Data from the Buzzfeed network has found many fewer page views are coming from email than they used to, as other modes of sharing, like Facebook and Twitter have taken off. Since the beginning of this year, all the sites included in that network, including TMZ and the Daily Mail, have seen drop in email shares, with a big drop-off in May 2012, as the chart below via Buzzfeed shows. We have a theory for why: People are emailing around links less because it takes too much effort. Think about the many steps it takes to compose an email, even from a news site, compared to social sharing it.
Unlike email, mainstream social media platforms are automatically connected to pretty much all of the Internet. Sure, someone with a New York Times subscription is automatically logged in via their email to the paper. But that's not a norm across the whole of the world wide web in the same way it is with Facebook and Twitter. Because of that, social sharing takes one, maybe two clicks. Facebook "liking" something doesn't even involve typing a single word and voile its shared with your entire feed. Email on the other hand, involves, inputting your own email, choosing a recipient, knowing their email off the top of their head, and maybe writing a note. Or, one could copy and paste the link into Gmail and send it that way. Either way, it's effortful.
This ease of sharing is exactly what Facebook intended when it introduced these buttons. "One of the best things about [the Like button] is that it does the same thing as Connect without users having to [activate] Connect," Michael Davidson, CEO of Newsvine.com, which is part of MSNBC.com, said after a big like button roll out in 2010. "It makes things easier. And we like it when Facebook makes things easier." It has become so easy, in fact, that has of February 2012 the social network was recording 2.7 billion likes a day. In that same post Buzzfeed says since January 2011, its Facebook referrels have gone from 50 million to 70 million. The same patterns go for Twitter and Pinterest, too. "Correlation isn't causation, but maybe," notes Buchanan. But, there is something to this easiness thing. And, if you're sharing on you News Feed, why write out separate emails.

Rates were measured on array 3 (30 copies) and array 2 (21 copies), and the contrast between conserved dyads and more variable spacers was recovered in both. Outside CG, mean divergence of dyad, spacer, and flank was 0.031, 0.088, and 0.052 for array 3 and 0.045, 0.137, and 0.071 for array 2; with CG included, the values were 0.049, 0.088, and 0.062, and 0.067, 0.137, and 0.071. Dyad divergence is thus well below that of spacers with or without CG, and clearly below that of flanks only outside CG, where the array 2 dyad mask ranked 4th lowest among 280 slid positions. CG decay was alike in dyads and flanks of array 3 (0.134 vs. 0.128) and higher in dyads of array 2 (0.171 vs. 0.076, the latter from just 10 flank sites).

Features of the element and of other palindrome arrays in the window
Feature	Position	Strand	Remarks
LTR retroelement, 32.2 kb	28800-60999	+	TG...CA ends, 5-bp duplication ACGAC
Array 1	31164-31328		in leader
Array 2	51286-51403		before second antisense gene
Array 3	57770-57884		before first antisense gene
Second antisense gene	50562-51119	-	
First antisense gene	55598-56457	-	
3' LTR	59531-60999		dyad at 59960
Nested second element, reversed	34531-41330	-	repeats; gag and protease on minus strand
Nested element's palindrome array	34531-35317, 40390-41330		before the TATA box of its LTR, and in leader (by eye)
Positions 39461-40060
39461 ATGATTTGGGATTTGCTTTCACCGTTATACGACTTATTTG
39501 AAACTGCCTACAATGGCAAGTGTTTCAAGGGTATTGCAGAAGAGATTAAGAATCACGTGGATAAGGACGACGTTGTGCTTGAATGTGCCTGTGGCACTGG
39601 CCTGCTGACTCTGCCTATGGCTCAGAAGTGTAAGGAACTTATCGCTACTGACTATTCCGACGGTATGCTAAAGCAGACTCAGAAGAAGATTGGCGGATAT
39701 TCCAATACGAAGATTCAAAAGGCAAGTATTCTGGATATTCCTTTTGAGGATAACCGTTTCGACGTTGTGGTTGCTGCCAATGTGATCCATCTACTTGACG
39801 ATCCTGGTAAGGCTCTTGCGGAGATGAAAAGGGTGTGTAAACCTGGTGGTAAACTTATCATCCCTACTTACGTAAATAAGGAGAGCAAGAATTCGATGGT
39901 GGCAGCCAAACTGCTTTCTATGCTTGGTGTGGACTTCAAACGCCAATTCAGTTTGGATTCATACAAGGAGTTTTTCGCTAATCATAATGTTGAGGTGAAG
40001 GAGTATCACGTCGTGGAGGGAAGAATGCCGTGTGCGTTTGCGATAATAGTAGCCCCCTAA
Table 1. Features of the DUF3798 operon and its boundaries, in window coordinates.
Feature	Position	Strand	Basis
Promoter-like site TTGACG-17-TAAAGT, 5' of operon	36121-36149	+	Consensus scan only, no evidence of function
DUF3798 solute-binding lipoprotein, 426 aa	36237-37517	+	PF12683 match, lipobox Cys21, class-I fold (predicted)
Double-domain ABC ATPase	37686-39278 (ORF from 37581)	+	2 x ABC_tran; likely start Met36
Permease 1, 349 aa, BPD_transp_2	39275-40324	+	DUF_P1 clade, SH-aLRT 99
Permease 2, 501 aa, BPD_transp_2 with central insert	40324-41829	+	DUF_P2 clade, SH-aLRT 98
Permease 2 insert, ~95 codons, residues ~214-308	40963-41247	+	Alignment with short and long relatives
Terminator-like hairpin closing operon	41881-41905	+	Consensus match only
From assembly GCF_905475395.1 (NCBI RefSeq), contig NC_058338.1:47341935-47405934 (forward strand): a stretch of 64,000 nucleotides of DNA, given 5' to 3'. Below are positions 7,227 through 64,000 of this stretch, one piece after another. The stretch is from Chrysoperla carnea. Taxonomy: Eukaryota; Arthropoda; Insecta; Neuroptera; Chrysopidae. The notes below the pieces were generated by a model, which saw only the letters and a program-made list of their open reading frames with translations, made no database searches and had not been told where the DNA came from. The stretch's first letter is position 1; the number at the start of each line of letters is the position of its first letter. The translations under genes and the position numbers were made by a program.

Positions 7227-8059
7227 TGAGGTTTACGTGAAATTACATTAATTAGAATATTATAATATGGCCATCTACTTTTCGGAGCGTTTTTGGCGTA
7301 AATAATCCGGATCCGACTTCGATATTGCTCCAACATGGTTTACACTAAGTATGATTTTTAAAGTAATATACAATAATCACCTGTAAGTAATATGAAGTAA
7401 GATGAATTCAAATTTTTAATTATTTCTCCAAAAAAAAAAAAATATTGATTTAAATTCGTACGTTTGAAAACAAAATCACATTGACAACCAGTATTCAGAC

However, not everyone has given up on email. This very (some might say lazy) sharing habit, looks to be generational, as Buzzfeed's Matt Buchanan notes. He writes:
Consider the kinds of users most likely to email stories. You know, your dad. Put another way, 31 percent of the New York Times' top sixty shared stories were shared via email; for the Times audience (which, you might imagine, is older than BuzzFeed's), email's a highly important vector for spreading Times stories. By comparison, of BuzzFeed.com's most shared stories, only 13 percent of them were shared via people pressing the email button. The Times and BuzzFeed give the same weight and prominence to their email buttons that they do to other social sharing buttons, so the email dropoff clearly goes beyond the button.
That jives with recent State of News statistics that found a gap between young and old in news sharing, as the chart below shows.
But, as they say, the youth is the future. So, au revoir email.
This article is from the archive of our partner The Wire.